Thursday, 7 July 2016
Another small stone on the mountain
But there are a couple of things that strike me - especially since I was fretting about Chilcot four years ago when I was writing Stumbling Over Truth.
There was the chance then that Chilcot would crash into my more modest volume.
But that didn't happen. And I've wondered ever since whether Chilcot would answer the only question about Tony Blair and the Iraq war that we didn't have an answer to.
We've known the what ... and the how ... and, obviously, the when for a long time.
But not the 'why'.
Has Chilcot answered that?
Sort-of. Though in truth, Tony Blair's lengthy and emotional news conference on Wednesday 7 July and his interview on BBC Today on Thursday 9 July did more to answer the question 'why' than the report itself.
In both of those, but especially in his penitential news conference, the former Prime Minister showed with more clarity and emotional commentary what was in his mind as he strode to war.
And reassuringly - for me, at least - confirmed something I'd concluded in my book.
Creating the 'truth'
I've always rejected the simple formula that Tony Blair 'lied' to take the country to war - I explain it at length in the book.
Put simply, you don't have to spend too long with all the evidence to realise that he didn't lie about Iraq in the strict sense of saying what he knew to be untrue with what lawyers call a mens rea - a guilty mind.
No, it was something worse. The striking thing is that he sincerely believed that whatever it was he was thinking or saying at the time he was thinking or saying it was true.
Worse still, he was - is still - adept at holding several contradictory truths at one and the same time.
That's worrying enough.
But Sir John also confirms that No10 - not just the former Prime Minister but those within his inner circle, too - narrowed their range of policy options beyond what was wise and did so almost immediately after 9/11.
He confirms, too, that as time went on, that range became ever more constrained. Which was why neither Tony Blair nor those close to him thought to challenge the meagre, patchy and suspect intelligence they had in front of them.
And why they couldn't or wouldn't see the significance of Hans Blix's report in the winter of 2003, for example.
As it happens, that narrow focus was even further straitened by the energetic No10 operation to 'create the truth' to get over key bumps in the political road - including the mendacious September 2002 dossier and the risible - aka 'dodgy' - January/February 2003 confection.
Putting a misleading script in front of a man who sincerely believes what he is saying at any one time is not a recipe for serious and considered policymaking.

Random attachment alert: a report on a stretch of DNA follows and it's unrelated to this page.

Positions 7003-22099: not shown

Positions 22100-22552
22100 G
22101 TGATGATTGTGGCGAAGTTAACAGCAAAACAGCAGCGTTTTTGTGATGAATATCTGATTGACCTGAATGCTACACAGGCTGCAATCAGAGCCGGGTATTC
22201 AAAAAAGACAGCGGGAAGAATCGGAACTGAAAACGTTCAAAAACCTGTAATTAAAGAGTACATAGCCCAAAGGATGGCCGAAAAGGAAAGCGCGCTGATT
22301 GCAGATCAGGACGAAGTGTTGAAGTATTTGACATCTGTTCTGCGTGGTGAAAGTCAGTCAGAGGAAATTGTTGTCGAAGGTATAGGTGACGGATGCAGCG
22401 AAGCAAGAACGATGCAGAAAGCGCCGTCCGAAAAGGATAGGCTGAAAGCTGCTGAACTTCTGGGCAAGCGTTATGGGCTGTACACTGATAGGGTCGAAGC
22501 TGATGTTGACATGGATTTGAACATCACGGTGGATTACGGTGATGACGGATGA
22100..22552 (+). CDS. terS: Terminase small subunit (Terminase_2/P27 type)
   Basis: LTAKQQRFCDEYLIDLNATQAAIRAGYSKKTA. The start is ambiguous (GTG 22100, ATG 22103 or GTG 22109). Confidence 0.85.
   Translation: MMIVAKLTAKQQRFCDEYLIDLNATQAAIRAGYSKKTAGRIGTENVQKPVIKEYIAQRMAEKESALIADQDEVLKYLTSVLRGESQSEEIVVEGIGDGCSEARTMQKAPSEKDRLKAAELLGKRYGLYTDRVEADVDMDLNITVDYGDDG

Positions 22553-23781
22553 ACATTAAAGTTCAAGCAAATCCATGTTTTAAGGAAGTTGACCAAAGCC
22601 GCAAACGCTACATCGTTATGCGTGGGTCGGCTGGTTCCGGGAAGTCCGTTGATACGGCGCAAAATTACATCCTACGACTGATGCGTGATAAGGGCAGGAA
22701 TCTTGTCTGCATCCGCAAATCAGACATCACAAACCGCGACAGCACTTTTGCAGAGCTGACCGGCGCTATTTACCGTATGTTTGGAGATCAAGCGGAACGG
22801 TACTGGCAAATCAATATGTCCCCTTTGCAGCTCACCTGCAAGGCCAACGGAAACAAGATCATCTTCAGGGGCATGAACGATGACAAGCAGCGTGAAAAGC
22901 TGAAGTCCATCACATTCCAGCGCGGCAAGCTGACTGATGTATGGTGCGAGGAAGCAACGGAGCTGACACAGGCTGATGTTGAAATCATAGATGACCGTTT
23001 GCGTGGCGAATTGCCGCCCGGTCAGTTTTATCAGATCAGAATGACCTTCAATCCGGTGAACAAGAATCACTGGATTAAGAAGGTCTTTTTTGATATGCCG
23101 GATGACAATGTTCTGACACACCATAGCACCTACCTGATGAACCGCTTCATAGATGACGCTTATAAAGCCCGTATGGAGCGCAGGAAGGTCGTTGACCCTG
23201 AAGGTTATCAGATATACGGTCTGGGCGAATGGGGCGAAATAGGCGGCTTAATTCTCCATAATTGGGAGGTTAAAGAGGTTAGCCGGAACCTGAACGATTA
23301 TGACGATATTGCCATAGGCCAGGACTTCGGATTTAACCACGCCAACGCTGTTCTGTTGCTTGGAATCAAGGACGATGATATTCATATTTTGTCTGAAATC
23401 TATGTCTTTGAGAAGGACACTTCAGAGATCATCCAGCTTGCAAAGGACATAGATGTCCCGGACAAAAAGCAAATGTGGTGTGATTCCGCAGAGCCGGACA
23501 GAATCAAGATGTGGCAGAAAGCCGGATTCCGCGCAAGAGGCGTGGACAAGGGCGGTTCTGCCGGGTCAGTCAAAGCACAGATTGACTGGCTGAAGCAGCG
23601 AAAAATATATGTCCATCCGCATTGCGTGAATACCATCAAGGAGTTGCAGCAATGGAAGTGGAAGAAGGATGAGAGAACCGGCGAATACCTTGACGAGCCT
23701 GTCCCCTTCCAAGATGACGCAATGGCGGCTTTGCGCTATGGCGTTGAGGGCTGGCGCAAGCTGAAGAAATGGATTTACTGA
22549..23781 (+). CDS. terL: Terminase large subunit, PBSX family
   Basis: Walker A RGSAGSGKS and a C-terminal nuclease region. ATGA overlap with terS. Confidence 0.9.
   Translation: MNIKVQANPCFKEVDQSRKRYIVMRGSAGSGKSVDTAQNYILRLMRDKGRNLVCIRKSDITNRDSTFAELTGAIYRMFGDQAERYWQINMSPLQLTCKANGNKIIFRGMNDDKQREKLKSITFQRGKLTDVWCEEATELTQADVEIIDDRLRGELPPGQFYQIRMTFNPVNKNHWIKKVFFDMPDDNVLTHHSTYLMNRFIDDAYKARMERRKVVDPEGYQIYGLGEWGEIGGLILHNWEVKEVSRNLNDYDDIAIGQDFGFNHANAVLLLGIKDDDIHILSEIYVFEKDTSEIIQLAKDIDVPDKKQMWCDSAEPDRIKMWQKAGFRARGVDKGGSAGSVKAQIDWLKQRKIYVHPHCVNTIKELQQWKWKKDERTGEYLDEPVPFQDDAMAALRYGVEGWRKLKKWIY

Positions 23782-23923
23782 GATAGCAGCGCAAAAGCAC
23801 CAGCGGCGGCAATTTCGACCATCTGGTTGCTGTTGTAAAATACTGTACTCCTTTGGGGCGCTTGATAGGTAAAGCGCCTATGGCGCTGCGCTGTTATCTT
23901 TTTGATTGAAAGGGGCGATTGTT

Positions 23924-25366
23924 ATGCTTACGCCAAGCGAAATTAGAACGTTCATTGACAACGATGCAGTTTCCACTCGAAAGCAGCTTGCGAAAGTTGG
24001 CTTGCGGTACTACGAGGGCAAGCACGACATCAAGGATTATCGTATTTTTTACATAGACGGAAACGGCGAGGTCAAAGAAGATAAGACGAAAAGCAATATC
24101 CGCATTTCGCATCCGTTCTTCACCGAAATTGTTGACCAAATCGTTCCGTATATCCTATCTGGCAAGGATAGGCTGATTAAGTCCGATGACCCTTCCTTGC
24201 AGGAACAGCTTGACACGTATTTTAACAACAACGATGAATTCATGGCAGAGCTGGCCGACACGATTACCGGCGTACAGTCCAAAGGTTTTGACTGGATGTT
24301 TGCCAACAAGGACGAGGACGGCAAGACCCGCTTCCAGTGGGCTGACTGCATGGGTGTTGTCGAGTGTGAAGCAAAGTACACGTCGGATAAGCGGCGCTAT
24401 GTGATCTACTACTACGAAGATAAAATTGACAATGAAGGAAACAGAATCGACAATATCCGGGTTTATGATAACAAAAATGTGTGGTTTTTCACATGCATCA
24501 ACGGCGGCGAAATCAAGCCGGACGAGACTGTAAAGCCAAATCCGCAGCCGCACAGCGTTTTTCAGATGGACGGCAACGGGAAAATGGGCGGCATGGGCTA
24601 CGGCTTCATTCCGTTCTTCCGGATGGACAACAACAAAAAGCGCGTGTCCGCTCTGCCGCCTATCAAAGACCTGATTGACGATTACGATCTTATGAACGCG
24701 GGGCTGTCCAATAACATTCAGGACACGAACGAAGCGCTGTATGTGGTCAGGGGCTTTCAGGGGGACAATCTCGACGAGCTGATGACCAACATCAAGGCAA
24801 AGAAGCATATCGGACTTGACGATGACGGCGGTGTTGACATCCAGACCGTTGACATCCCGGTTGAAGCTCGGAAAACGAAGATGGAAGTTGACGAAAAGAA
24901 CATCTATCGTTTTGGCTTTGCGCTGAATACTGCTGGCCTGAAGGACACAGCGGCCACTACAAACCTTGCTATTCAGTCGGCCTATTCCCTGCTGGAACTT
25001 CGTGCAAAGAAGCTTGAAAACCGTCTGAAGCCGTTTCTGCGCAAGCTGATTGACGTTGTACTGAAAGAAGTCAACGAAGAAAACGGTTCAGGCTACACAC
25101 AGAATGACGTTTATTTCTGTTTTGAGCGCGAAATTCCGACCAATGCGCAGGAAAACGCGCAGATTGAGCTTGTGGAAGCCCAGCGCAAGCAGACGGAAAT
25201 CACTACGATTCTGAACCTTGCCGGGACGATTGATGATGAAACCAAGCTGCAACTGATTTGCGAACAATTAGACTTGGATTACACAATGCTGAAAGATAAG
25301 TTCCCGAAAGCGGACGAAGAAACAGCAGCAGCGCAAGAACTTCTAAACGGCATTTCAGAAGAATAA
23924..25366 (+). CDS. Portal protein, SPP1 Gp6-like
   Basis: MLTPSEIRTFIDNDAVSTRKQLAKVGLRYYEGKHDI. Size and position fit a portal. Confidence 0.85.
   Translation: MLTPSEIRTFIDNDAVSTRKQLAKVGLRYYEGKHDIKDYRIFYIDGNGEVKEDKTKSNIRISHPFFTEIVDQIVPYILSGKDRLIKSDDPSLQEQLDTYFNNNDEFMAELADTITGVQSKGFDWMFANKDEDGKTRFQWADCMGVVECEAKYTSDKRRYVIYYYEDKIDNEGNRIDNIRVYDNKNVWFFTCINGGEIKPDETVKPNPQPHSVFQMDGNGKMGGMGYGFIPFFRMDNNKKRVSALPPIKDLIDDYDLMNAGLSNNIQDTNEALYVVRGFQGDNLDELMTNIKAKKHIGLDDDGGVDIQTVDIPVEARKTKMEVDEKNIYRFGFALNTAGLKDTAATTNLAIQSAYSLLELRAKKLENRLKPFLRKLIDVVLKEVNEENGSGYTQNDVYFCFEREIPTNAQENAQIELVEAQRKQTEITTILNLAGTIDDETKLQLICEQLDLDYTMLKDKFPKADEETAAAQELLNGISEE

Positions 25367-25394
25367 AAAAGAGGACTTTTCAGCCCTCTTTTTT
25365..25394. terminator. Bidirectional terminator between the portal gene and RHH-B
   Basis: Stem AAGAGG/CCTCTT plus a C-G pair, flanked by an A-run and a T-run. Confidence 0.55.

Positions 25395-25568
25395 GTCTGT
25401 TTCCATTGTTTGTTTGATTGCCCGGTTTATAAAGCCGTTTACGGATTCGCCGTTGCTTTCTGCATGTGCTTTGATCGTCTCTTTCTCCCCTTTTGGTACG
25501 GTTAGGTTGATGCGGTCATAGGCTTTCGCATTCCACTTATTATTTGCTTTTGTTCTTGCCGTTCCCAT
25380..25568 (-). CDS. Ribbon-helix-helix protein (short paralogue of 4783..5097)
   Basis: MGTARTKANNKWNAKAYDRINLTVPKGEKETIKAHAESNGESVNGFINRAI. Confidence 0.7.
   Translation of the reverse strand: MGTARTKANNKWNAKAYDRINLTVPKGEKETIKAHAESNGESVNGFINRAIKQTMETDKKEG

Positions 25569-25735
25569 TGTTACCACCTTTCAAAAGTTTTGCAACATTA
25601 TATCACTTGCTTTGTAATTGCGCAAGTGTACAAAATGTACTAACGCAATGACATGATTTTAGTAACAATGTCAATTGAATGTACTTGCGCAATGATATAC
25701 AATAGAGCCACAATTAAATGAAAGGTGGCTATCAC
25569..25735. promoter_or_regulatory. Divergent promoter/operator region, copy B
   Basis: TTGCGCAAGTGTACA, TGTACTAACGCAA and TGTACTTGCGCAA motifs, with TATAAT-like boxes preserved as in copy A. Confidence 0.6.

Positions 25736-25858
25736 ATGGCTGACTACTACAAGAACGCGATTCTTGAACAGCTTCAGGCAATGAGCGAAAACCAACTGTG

Especially if that man has already secretly sub-let British foreign and security policy to the White House.
And the 'truth creation goes on even now.
In the 24 hours or so after Sir John reported, we saw a few nips and tucks intended to re-frame what he actually said.
His report says the decision to go to war in Iraq was "based on flawed intelligence and assessments" (my italics).
Listen carefully to the apologists for No10's conduct in 2002/3. And note how they tend to drop the words "and assessments".
In other words ... "it was all MI6's fault - the intelligence was crap."
Now, that's true - but then, intelligence often is crap. Or at best a bit smelly. That's why - as Lord Butler pointed out in his 2004 report - no sane policymaker should ever take raw intelligence at face value.
It's the assessment that matters - and that was done, effectively, in house; in No10.
Flawed assessment of flawed intelligence isn't a great thing to put in front of a Prime Minister who believes whatever he is thinking and saying at any one time is the truth.
The head of MI6 at the time, Richard Dearlove, met regularly with the Prime Minister and apparently scared him witless with raw intelligence. Intelligence the spy chief knew had multiple limitations.
And the Chairman of the JIC, John Scarlett - the man who nominally 'owned' the intelligence - was more or less a lodger in Downing Street. Even the otherwise blandishing Hutton Inquiry found that No10 had "subconsciously influenced" him in his assessments.
The problem for the No10 apologists is that there were, as we know, trusted voices inside the intelligence community screaming that the intelligence was flawed. That it needed surrounding with - some thought suffocating with - trucksfull of caveats and cautions.
Not just in publications such as the September dossier but in policymaking too.
Those voices offered the very challenge that Sir John found lacking in Downing Street. But they weren't saying what Downing Street wanted to believe. And so, weren't so much ignored as not heard.
Do we now know why?
In his confessional news conference, Tony Blair more or less begged for our understanding and, perhaps, absolution.
'I truly believed at the time what I was thinking and saying ... and though I was wrong, isn't the world a better place now, anyway' ... was the top and bottom of it.
It's as mundane as that.